She is a pixie, adept in her gentle laughter and so easily taken by the thrill of being alive. I interpret it as being open to the universe and take it one step further in my mind by comparing myself to her openness. I have always been jealous of her and it has gotten in the way of me being able to see myself and it has also gotten in the way of me being able to acknowledge the dark side of being a pixie and the moments where we all doubt our freedom and dwell in the masochistic splendor of negative thought spirals.
She finds me in the street typing poetry and has no problem celebrating my creative endeavors: lifting me up into her fantasy. I am not able to see the present because I am dwelling in my own shortcomings and feeling embarrassed about deciding to take such an extravagant voyage on the wings of heartbreak and mental breakdowns. She reminds me that we are having the time of our lives, that it is brave and magical to pursue alternative dreams. She has left the confines of a traditional living structure and lives out of a bus where she wants to create collaborative art pieces. She takes showers at 24 Hour Fitness and drives people around Los Angeles as an Uber driver. She says we are free and she talks in the same fantastical way she has always drawn me in. I am bowed down by her confidence, wondering why I can’t find that same boost; maybe I am balancing out her idealistic light.
She loves being in a poly relationship because she is able to explore as much as she wants. I am aghast at her revelry, coming out of a possessive open relationship where I felt heartbroken to find that my partner had been snuggling with somebody else that he was in love with for weeks without me knowing. I was ashamed by the fact that I didn’t want to share him with anybody else. I was afraid we would lose each other. I was afraid of losing him. She laughs, “Think about it. Would you want me to be your only friend?” and I smile and nod as though she is making so much sense, like that is the healthy way to think about relationships.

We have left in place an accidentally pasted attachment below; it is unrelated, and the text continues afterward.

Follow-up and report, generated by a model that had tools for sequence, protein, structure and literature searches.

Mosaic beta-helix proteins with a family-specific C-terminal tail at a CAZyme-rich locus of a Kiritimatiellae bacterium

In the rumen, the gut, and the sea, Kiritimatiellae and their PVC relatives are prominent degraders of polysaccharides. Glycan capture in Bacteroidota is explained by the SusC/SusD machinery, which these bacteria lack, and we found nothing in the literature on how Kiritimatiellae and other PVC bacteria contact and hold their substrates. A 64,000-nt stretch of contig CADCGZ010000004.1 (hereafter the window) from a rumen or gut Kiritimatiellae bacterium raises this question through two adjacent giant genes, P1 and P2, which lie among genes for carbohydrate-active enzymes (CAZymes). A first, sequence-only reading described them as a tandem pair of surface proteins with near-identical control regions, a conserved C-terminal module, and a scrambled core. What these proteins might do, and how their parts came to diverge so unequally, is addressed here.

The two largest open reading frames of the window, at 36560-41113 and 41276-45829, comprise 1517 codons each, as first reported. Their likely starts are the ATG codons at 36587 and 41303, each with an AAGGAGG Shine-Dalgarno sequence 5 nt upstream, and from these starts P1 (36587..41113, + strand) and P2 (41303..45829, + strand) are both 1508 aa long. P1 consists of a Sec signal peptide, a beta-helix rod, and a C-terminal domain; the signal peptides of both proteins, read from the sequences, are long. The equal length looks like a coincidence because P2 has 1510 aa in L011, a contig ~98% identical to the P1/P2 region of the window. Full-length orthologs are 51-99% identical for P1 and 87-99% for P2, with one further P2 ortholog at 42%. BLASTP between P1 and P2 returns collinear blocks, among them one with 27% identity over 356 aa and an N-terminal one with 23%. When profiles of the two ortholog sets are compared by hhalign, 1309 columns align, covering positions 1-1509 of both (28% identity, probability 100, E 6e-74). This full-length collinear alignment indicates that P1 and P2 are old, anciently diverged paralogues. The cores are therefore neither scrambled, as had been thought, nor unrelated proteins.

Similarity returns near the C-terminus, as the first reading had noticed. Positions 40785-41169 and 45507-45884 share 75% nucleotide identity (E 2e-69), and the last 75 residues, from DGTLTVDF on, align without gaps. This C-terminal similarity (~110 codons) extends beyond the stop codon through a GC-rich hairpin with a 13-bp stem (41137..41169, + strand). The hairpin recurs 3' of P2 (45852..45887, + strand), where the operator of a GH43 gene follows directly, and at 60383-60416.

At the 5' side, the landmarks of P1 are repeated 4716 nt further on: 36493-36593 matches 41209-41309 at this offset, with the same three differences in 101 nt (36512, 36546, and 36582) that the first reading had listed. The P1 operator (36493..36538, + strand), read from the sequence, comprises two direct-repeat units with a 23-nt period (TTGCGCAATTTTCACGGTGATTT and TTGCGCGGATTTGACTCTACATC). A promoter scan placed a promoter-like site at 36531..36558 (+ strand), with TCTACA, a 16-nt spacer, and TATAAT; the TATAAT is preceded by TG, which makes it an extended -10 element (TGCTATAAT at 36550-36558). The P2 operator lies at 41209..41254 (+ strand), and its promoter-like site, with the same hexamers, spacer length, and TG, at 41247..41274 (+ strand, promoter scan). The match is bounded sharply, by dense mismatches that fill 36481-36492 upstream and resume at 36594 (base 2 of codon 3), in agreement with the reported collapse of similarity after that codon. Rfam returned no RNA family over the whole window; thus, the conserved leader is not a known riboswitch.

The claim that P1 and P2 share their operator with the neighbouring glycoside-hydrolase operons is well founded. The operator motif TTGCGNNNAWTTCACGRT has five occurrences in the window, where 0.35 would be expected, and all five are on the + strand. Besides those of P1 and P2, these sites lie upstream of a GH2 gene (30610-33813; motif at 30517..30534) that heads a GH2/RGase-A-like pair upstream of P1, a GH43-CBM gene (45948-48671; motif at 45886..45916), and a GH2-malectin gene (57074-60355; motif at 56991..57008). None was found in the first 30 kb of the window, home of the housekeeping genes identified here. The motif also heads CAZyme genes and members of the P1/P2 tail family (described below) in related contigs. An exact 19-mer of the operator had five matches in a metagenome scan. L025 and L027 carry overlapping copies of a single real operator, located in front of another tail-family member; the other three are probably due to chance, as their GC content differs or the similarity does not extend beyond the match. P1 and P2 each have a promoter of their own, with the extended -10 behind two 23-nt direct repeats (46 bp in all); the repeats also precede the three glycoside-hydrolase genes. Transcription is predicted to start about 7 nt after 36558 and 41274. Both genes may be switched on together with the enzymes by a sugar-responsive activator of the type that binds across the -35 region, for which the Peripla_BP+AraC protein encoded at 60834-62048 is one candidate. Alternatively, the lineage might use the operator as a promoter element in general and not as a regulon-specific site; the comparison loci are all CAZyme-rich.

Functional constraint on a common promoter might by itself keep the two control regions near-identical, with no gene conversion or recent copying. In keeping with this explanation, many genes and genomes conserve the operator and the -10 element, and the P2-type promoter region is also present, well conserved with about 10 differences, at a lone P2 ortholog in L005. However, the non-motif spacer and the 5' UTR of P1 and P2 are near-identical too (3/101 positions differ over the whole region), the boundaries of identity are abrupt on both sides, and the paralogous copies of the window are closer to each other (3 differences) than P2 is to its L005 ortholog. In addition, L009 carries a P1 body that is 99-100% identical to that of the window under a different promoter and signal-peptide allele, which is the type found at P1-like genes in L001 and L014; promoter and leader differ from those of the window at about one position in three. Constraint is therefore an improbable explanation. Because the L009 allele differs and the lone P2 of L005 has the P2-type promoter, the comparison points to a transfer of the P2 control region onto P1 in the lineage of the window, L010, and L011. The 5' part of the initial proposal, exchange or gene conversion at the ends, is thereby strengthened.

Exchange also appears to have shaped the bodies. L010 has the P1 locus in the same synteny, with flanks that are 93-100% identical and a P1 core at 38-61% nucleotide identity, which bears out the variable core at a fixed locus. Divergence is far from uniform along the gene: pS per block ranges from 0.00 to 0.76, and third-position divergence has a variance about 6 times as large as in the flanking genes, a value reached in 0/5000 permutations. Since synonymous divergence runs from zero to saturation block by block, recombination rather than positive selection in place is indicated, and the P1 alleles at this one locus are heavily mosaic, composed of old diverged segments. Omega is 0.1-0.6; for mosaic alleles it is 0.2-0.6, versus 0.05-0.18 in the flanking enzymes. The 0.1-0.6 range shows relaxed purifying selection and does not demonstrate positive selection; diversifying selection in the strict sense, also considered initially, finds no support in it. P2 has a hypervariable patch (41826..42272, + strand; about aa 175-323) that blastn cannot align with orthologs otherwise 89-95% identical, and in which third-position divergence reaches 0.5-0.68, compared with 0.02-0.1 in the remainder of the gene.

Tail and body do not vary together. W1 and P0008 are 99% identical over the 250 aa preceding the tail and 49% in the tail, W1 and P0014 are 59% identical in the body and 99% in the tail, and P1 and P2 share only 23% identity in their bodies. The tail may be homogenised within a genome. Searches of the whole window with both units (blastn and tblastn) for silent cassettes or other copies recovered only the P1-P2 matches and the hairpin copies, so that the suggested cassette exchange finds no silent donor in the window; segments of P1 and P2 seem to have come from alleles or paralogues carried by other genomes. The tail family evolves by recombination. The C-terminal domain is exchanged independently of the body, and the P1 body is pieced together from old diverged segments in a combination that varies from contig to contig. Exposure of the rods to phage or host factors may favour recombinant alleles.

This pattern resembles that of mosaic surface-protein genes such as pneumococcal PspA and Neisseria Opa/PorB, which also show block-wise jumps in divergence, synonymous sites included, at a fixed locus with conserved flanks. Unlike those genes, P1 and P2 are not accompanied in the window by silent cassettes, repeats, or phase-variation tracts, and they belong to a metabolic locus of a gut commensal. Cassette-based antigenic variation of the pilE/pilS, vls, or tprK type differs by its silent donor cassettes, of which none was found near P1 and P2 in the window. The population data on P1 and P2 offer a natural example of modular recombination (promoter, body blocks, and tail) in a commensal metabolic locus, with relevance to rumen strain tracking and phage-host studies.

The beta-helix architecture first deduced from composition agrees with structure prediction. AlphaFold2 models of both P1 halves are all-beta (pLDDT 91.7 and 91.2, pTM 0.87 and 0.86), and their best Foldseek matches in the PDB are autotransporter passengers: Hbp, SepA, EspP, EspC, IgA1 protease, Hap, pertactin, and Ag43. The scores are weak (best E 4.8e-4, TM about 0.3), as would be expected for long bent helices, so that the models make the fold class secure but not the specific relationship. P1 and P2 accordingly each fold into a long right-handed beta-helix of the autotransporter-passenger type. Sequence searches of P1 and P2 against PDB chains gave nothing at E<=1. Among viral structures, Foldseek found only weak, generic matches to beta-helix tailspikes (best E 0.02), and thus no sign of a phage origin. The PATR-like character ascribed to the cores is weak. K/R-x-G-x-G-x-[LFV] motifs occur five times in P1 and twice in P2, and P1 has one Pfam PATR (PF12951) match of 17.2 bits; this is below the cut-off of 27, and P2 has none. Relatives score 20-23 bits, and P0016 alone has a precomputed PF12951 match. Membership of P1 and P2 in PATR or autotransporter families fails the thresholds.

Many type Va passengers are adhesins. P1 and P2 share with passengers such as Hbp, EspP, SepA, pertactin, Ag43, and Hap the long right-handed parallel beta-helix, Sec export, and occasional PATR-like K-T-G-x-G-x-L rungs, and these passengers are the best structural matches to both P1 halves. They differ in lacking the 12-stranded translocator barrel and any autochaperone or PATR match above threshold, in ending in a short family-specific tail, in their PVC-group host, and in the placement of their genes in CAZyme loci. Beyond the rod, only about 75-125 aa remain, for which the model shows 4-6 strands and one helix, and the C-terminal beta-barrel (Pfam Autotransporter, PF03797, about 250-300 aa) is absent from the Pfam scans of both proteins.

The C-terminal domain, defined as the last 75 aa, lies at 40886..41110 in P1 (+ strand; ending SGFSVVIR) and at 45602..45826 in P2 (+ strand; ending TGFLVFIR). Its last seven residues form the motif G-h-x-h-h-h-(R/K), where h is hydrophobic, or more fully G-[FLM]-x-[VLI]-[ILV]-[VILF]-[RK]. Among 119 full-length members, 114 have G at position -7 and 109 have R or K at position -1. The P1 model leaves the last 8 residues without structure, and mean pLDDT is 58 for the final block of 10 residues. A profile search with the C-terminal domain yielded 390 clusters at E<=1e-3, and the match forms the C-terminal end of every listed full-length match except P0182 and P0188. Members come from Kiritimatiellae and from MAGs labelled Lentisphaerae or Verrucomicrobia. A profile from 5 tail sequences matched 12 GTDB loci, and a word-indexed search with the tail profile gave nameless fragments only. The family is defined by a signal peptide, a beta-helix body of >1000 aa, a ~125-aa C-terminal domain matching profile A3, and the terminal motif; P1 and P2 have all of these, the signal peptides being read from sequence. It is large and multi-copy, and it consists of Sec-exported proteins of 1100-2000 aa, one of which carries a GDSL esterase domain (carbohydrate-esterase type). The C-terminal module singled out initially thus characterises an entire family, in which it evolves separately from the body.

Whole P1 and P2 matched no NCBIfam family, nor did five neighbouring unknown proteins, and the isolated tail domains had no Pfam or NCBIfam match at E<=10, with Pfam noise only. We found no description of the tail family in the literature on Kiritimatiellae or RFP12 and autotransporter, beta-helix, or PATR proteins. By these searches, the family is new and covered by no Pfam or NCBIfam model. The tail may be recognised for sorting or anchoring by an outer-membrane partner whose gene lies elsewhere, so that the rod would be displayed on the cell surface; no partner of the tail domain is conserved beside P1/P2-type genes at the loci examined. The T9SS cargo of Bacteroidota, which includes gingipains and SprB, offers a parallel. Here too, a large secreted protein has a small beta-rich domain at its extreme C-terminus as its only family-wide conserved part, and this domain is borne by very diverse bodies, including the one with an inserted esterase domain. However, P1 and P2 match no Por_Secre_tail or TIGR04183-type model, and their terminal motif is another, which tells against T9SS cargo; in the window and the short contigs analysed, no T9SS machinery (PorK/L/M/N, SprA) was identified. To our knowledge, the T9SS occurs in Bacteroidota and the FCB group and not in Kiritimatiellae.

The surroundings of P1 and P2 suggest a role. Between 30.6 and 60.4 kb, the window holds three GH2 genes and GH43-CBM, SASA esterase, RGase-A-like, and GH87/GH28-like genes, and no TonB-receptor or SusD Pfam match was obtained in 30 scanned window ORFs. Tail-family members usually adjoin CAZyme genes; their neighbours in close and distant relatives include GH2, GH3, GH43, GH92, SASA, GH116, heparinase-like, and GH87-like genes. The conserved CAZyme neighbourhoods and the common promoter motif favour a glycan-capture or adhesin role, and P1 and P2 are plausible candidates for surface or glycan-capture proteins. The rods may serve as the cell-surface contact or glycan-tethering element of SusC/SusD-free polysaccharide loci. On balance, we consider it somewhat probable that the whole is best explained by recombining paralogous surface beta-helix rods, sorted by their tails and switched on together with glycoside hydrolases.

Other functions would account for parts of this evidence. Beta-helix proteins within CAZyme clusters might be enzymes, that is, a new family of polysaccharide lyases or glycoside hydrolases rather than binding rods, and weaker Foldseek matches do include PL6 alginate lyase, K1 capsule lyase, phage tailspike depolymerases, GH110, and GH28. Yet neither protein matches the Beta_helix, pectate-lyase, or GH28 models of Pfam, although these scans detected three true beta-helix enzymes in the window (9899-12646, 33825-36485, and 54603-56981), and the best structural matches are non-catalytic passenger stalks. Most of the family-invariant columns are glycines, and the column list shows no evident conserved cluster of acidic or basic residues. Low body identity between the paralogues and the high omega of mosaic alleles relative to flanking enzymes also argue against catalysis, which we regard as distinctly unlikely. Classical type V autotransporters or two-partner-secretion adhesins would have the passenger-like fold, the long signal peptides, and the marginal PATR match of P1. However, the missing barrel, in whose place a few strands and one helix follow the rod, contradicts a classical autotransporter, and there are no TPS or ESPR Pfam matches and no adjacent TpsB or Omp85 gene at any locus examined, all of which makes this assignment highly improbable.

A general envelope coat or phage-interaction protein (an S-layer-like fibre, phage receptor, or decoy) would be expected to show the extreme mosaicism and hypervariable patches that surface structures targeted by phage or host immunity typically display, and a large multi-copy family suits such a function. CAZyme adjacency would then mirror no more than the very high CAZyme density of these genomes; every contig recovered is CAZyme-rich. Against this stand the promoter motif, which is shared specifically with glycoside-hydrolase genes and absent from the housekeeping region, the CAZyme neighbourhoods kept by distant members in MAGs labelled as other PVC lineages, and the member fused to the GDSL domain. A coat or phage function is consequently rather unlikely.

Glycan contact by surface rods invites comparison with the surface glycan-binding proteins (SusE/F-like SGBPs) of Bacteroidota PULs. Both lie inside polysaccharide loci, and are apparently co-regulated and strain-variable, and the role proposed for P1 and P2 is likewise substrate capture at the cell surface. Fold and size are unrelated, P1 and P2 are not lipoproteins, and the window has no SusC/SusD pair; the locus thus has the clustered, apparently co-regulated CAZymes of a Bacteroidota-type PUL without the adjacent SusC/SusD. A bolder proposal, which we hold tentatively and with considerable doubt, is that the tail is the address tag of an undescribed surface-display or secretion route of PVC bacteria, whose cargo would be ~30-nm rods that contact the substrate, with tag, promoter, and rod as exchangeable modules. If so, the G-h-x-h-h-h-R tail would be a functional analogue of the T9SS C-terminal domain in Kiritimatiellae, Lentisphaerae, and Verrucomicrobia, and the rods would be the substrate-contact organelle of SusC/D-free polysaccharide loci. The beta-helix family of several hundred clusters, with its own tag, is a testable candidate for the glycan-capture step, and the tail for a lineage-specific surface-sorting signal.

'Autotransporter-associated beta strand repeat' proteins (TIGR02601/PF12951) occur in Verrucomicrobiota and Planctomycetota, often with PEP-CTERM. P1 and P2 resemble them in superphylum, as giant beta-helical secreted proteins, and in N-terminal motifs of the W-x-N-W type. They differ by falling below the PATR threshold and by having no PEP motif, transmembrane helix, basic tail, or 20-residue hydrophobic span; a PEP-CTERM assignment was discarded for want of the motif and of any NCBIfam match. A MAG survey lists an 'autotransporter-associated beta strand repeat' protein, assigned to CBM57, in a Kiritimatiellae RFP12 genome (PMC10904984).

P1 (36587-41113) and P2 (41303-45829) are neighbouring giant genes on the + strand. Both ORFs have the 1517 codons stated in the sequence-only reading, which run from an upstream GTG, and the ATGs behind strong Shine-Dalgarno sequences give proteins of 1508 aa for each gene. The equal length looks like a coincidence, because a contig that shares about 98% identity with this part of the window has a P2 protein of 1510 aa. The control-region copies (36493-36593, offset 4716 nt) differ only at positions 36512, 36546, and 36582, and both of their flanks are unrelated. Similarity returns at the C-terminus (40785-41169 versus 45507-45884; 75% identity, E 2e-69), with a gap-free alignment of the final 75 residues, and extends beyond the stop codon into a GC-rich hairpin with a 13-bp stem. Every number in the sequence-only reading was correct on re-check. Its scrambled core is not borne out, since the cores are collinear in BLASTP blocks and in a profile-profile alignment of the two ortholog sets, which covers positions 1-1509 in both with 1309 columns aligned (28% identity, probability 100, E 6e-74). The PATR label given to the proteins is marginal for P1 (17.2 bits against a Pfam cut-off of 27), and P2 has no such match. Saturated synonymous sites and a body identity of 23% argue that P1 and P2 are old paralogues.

But the truth is: I have a hard time sharing my friends too. Logically, I want everyone to have as much love as they can get. I am happy for all of the loves that are happening, but my heart won’t believe it when I hear about all of the fun people I love are having with other people. I get jealous and hurt. I am afraid that I am losing them and that they will no longer be interested in me. I wonder why they can’t have that fun with me. When people give me all of their attention and I feel like their only friend, I start to feel claustrophobic and resentful. It is too much pressure and it is boring because there is only shared experiences. So, I can only surmise that maybe I like feeling jealous, that maybe it is a natural response to loving someone tightly to your heart; and to take it even further, maybe some people like igniting my possessive fire by tantalizing me with their exploits.
“It’s my Gemini,” she says, “I like to play around with a lot of people.” I love that this is a part of her that she knows how to celebrate. It makes it easy to jump in and out of interacting with each other across multiple realities. I love that it is a part of me too, a part of me that I don’t always know how to celebrate. If I can be happy for myself for having a lot of different loves, then I can be excited for my loved ones with all of their loves. We need all of the different flavors because everyone teaches us something new about ourselves.